I am longing to listen to my old vinyl collection. After some research, I find myself having to choose between Rega P3 and Goldring GR2. Both seem to be real value for money at my budget (around
You might also look at the Music Hall MMF5, but I would take the Rega P3 even if I had to put a $89 Shure M97HE on it short term.
Gia sou megale !
Does the Phase Linear have phono stahe build in and if yes,
what kind,mm or mc ?
Yeia sou Yango,
The Phase Linear has a built-in MM phono stage. It's a 1970's model after all!
Pana,Panayiotis if i am not mistaken,if you are looking for that 70's analoque sound,go for a Grado signature gold.If on
the other hand you are looking for something more "analytica
l",go for a shure m97ed.I have the Grado but not the shure.
The best shure i ever got was the m95ed mkii.Their main difference is the grado is "warmer" the shure a tad more analytical but at the same time more "steely" in its sound.
You gould allways go for a mc cartridge but that would involve a step-up transformer.
Rega has changed their table since I sold them but traditionally Grados and Regas have a problem with hum pickup from the Rega motor. The Rega arm and any Grado make a good sounding combination but, should you decide to go this route, I would expect a guarantee from the seller that the combination will work well in relation to hum pick up.
I would suggest the Rega table as your best choice. It's a classic that will be worth its selling price when it comes to resale, should that ever be an issue. There are plenty of Rega clones out there, but they never fetch the same resale as the original. However, Regas have a particular sound quality I would suggest you investigate before making your decision. It's not so much about getting the best table for the money but rather about getting the best table for your music and system. Regas tend to run slightly fast, which can give a very lively presentation to the music but can also drive some people crazy. This seems to be a particular problem for people who have been listening to CD's for years and now find their favorite songs sound "different" when played on the Rega. If you have perfect pitch, you will not like a Rega. Classical music listeners can find the speed problems a bit bothersome since 440Hz is now about 445Hz when playing on a Rega. There are plenty of reviews of the Rega to determine whether its idiosyncracies are right for your taste. Read and, if possible, listen to the table before you buy.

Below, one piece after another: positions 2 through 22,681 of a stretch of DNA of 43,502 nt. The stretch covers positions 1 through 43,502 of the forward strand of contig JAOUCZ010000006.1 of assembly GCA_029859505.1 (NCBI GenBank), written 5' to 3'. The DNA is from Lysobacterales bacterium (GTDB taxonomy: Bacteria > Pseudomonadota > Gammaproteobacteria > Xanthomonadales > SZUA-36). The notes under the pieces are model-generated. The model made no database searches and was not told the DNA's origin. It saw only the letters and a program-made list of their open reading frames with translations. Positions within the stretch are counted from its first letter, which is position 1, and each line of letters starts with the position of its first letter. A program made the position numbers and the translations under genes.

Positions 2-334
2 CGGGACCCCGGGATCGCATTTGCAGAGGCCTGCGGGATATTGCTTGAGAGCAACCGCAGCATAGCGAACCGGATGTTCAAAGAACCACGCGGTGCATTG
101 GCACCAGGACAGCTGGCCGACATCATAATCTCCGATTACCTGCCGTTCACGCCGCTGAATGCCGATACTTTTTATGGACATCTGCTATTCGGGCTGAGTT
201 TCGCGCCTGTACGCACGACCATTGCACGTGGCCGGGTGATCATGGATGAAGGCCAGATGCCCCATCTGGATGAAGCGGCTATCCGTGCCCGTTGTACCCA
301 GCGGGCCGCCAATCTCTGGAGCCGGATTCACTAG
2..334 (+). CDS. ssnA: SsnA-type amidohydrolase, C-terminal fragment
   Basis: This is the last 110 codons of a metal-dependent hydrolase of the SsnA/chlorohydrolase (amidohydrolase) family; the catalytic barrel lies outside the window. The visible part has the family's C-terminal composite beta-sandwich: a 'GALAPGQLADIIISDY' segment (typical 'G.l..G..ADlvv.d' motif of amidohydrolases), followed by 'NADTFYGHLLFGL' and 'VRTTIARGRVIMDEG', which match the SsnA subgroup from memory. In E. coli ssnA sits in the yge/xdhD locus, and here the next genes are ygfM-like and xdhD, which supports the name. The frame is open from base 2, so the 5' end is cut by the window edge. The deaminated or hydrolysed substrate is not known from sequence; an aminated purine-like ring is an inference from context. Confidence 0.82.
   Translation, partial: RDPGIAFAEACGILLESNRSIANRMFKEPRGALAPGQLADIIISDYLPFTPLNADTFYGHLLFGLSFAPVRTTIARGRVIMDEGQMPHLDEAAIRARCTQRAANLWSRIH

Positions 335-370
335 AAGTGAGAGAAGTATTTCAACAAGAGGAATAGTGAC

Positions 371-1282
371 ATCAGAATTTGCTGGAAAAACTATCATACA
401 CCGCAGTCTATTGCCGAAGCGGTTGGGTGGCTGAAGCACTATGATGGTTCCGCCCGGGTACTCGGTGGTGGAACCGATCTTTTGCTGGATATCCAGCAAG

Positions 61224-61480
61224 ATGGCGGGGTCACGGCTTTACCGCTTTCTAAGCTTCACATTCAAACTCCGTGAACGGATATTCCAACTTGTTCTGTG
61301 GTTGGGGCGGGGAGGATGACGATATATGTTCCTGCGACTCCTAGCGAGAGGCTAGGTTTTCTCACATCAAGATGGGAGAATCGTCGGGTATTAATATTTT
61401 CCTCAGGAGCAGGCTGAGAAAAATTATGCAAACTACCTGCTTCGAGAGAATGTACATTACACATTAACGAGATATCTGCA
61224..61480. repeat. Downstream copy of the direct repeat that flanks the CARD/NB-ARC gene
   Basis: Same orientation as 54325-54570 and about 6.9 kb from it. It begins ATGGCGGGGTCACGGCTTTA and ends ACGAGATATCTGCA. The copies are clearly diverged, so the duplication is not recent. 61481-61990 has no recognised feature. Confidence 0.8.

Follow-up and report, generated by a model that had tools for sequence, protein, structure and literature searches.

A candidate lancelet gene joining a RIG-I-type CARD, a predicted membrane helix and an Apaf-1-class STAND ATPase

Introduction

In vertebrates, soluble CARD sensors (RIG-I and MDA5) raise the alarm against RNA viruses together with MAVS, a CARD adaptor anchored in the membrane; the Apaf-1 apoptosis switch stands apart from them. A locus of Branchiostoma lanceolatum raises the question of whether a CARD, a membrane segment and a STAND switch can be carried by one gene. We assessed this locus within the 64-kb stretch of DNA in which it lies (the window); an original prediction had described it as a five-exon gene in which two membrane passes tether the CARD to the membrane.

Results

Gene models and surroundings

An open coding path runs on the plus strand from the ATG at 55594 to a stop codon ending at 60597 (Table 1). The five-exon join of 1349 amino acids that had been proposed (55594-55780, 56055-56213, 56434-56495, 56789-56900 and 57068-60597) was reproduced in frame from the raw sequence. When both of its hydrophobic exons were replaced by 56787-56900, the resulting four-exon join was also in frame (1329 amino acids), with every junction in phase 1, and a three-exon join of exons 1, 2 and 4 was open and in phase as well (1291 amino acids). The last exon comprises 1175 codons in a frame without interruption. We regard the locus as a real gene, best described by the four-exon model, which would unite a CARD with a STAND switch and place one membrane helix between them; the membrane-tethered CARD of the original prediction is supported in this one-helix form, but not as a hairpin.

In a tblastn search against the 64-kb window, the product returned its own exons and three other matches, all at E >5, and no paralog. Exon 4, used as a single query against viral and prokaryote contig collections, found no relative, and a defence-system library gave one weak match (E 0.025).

Either table you list is an unsuspended model and will require a decent support to work to its best advantage. If you haven't factored in the cost of a wall shelf or other such support, expect to spend some money on a shelf or table of some sort. The difference between a Rega on a wall shelf vs. sitting on the middle shelf of an enclosed cabinet (or other less suitable location) are quite audible and should not be taken lightly.
If the Grado won't work in the table you choose, I would look at an inexpensive Ortofon or Audio Technica. The Ortofon OM-5 is a standard for many OEM Rega arms but the OM series is really too light for the arm to work well. I believe Ortofon still sells the VMS series and, like the OM series, you can upgrade the cartridge performance by upgrading only the stylus assembly.
Upgrading the Rega arm with an aftermarket counterweight is well worth the money.
Great post, Jan.
Pana, his advice is terrific.
Thanks to all for the feedback. I really appreciate your taking the time forthis.
The sad truth is that the more I read about the subject, the more confused I get. I've read just about everything, and more than once: that the Rega P3 is the best value for money, that Regas run fast, that Regas are exquisite, that the P3 suffers from motor hum (especially with Grado cartridges), that Grado cartridges go great with the P3, that P3's outdo far more expensive turntables, that Regas accept a vast array of cartridges, that Regas only really accept Rega cartridges, that P3s are a myth... Everything!
I don't know what to believe any more: there is a lot of praise but also a significant number of bad experiences- in fact the lack of consensus is impressive!
Thus, the most sound advice (thanks Jan) is to try to listen to one. Easier said than done. There is only one dealer over here who gets a limited number of tables a few times a year and does not have a display model. Naturally, he swears by them. But I've become so suspicious now, that I am shelving the whole project, until, perhaps, I can listen to a used P3 for sale to get some feeling about it, if the owner lets me...
True, not all digital recordings are great, but I think there are many good ones and I am used to a clear smooth sound. So I am very distrustful of potential hums and high pitches! Such is life.
For what it's worth. I upgraded from a Pro-ject Debut II to a Goldring GR-2 and the difference was a lot more than I expected. I can't speak for the Rega P2/3, because I haven't heard them, but I am more than pleased with my GR-2. But in the end it all comes down to the sound you like best. Listen to everything you can in your area, and whatever your decision, ENJOY.